It still goes on today. Boris Johnson who regards himself as Churchill’s successor. says he has no regrets about claiming that Barack Obama’s “part-Kenyan” heritage had driven him towards anti-British sentiment.

  • Sorry, missed out……… Barack Obama returned a bust of Churchill from the Oval Office to Britain

  • Daniel Walker 16th Aug '16 - 9:18am

    @Al: Impressive use of false equivalence there. India, Pakistan and Bangladesh did not enter the British Empire voluntarily, had little-to-no say in its workings and they had no right to leave, none of which are true of the UK’s membership in the EU.

    Also worth noting that all three remain part of the Commonwealth.

  • @Daniel Walker – and as has been shown and talked about Article 50 the EU was designed so no one should leave it or at least find it difficult.

    In the end the legalese politics of the LIberal Democrats will go down in flames. People want to know what they are getting for their alliances and whether they can get a better deal elsewhere.

    It’s weird that the Lib Dems don’t say that the Indians should have had a referendum – perhaps if they’d elected to stay with the British they should have had a second referendum? Or have a second referendum if they’d opted for independence.

  • Daniel Walker 16th Aug '16 - 10:40am

    @jane “Not expecting anyone to use it” is not the same as “not accepting that it should exist” – no-one, as far as I know, has suggested that the UK does not have a right to leave the EU. They just didn’t expect that anyone would want to.

    And we do know what we get from our alliance, the texts of the various treaties are not secret, and there isn’t a better deal elsewhere.

  • Richard Underhill 16th Aug '16 - 11:41am

    Sorry I left out Burma/Myanmar which had been occupied by Japan and wanted at the time to do the opposite of what India did in respect of the Commonwealth.
    Rarely mentioned these days but one of the problems with the application by PM Harold MacMillan to join the EEC was the continued existence of British (and French) empires. The Falklands and Gibraltar and numerous islands around the world continue to depend on relations with the UK. In the EU referendum Gibraltar voted heavily to Remain and now has a problem. In the European Parliament it is represented as part of a constituency in the south west of England.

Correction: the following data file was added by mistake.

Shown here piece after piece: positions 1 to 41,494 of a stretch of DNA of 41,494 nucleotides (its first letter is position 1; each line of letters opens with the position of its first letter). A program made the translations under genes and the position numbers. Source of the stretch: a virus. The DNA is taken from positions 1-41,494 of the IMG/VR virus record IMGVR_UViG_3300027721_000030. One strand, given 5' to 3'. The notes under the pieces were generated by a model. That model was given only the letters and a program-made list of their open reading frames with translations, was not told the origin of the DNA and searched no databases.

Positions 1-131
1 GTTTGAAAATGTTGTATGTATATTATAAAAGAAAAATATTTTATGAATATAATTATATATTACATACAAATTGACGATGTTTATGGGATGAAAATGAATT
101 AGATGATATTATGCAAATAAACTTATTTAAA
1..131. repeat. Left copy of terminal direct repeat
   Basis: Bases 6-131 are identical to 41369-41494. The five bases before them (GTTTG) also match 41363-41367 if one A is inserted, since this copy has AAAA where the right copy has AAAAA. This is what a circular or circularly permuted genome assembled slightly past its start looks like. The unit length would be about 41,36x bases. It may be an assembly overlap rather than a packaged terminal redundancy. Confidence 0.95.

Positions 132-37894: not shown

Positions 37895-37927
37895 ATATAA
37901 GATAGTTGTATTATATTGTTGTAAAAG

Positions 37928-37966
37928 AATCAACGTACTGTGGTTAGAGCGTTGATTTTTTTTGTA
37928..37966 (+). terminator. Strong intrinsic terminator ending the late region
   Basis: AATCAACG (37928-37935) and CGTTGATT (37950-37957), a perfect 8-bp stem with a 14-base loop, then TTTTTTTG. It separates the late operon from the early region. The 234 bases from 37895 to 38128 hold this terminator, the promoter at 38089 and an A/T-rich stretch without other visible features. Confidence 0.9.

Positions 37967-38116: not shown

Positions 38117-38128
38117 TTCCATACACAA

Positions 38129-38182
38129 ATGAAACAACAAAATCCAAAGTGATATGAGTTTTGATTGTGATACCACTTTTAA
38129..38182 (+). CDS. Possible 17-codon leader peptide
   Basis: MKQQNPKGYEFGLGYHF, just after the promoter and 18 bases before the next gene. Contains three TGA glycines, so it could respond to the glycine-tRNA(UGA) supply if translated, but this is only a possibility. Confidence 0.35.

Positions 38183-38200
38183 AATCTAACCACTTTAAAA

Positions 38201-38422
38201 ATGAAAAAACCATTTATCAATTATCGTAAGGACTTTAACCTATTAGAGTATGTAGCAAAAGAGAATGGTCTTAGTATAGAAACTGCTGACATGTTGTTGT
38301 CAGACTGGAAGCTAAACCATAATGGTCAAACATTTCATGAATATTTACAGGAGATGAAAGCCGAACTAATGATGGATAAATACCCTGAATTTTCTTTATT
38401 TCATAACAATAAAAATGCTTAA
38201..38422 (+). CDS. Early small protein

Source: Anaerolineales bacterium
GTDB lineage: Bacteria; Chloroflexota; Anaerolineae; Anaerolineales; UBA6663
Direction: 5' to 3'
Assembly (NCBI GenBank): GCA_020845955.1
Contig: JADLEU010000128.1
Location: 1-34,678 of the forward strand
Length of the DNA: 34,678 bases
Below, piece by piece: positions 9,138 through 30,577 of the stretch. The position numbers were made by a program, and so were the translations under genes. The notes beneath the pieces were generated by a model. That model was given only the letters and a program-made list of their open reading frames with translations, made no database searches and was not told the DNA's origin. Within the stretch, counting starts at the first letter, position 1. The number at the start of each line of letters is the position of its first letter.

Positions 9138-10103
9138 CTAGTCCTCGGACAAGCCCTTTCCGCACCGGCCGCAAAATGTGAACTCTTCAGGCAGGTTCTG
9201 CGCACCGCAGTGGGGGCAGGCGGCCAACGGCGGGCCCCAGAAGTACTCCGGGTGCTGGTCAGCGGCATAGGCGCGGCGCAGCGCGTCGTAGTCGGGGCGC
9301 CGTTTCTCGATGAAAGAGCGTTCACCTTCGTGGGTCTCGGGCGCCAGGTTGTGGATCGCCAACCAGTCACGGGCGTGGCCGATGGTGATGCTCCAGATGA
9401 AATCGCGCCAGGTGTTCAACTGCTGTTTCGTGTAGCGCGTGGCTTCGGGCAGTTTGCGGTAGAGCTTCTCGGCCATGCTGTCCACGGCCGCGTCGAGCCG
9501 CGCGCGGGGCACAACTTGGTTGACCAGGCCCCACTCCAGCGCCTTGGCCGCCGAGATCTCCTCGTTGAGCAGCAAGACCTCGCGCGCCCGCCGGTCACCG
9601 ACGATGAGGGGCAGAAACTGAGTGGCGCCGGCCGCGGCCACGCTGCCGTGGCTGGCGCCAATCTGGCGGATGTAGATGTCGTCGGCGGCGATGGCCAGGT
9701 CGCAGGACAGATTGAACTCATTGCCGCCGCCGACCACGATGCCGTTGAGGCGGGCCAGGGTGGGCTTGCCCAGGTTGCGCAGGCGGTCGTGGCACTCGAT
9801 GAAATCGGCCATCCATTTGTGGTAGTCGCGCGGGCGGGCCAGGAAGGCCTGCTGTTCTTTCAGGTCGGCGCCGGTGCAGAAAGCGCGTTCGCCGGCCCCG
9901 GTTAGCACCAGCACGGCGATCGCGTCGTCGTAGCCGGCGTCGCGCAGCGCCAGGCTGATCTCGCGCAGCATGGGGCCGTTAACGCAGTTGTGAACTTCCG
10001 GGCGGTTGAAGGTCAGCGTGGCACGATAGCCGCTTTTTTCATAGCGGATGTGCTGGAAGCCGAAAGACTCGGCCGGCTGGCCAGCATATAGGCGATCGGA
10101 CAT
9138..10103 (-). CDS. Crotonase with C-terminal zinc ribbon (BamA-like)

• I find it curious that while India and Pakistan both became independent on 15th August 1947, India’s Independence Day is on 15th August each year and since 1948 Pakistan’s is on 14th August each year. It is also interesting to note that while both countries started from roughly the same economic position, their current day prosperity is significantly different.

  • Jayne Mansfield 16th Aug '16 - 6:41pm

    I agree with Anthony Hook, but in my opinion, one of the best ways to support India, and Indians in both India and the diaspora, is to remain supportive of justice for the scheduled castes and tribes in India , and in the UK, remain vigilant that caste discrimination remains an unaltered part of our anti- discrimination legislation.

  • Richard Underhill 16th Aug '16 - 7:55pm

    Gerry M “India and Pakistan both became independent on 15th August 1947”.
    No, they did not, see above, hence Nehru’s speech. Astrology was a factor.

  • Richard Underhill “No, they did not, see above, hence Nehru’s speech.” I am a philatelist and recalled related independence stamps issued during the George VI era which showed both India and Pakistan initially using the 15th of August as Independence Day. However, your correction is true (see https://en.wikipedia.org/wiki/Independence_Day_(Pakistan) ). Please accept my apologies.